• The Fair Credit Billing Act (FCBA): This law is part of the Consumer Credit Protection Act. It grants your rights when you dispute billing issues. For example, you may need to dispute a charge on your credit card statement for undelivered merchandise.

Many laws contribute to a mosaic of consumer protection rights in the United States. These laws may not directly target the typical shopping experience. Yet, they may indirectly affect your daily purchases, particularly when encountering a problem.

Many Agencies Enforce Consumer Rights

You don't face large companies and scammers alone. Federal and state consumer protection agencies work to protect consumers from unfair business practices and scams. They regulate marketing, product safety, and more.

The Federal Trade Commission (FTC) is the agency that oversees most goods you buy. As part of the federal government, it promotes fair market competition and consumer privacy. It advises customers on shopping safety and related issues, such as identity theft and fraud.

The Consumer Product Safety Commission (CPSC) is a federal agency that focuses on product safety standards, defective products, and product-related injuries. It can also teach you how to safely use the products you buy, such as heavy furniture and baby toys.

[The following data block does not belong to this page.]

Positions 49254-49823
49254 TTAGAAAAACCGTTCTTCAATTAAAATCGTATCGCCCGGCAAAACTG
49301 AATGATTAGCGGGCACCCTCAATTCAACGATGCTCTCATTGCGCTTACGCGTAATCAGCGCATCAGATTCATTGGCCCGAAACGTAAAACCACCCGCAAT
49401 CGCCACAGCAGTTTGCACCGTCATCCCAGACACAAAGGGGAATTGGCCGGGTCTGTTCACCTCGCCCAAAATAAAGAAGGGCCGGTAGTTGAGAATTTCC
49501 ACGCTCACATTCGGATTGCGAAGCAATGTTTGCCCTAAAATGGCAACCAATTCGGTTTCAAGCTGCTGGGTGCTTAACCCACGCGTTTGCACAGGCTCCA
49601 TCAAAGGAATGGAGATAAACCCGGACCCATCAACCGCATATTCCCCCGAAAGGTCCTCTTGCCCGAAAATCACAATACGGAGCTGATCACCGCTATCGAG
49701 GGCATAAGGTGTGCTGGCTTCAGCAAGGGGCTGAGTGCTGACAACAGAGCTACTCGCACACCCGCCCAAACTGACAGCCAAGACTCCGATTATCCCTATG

Some government agencies focus on specific industries or consumer transaction types. For example, the Consumer Financial Protection Bureau (CFPB) monitors lenders, debt collectors, and other financial institutions. The Food and Drug Administration (FDA) regulates medicine, groceries, cosmetics, and more.

If you encounter a problem with a purchase, one of these agencies may have resources to help you. Your state's consumer affairs agency can also provide information about shoppers' rights.

Payment Methods and the Law

Parting with your money always involves a level of risk. You trust a seller to honor their promises and protect your sensitive information.

You can reduce the risk by understanding how the law applies to each of your payment options, such as:

  • Gift cards
  • A credit card or virtual credit card
  • Your debit card
  • Cash
  • A third-party payment service like PayPal or Stripe
  • A layaway plan

Consumer protection laws affect which one offers you the most protection and value. They determine factors like what you're liable to pay and how high interest rates can be. For example, federal law limits fees that diminish the value of a gift card. Enforcement agencies also investigate and punish payment-related crimes, such as fraud and theft.

Certain Goods Have Special Rules

You may want to be aware of special laws affecting particular goods, such as:

Federal and state laws can affect your ability to buy, ship, and use such products. This section features articles that expand on the unique rules for these categories.

Consumer Law Attorneys

Talking to the seller usually ends most shopping disputes. Communication often gives the customer a fair and fast solution. Yet, businesses sometimes fail to respect your consumer rights or even their own guarantees.

Speaking with a consumer protection attorney may be your next course of action. Their legal advice can clarify your options to seek direct relief. They can also help resolve complex cases like identity theft or personal injury.

Learn About Buying Goods

You Don’t Have To Solve This on Your Own – Get a Lawyer’s Help

Meeting with a lawyer can help you understand your options and how to best protect your rights. Visit our attorney directory to find a lawyer near you who can help.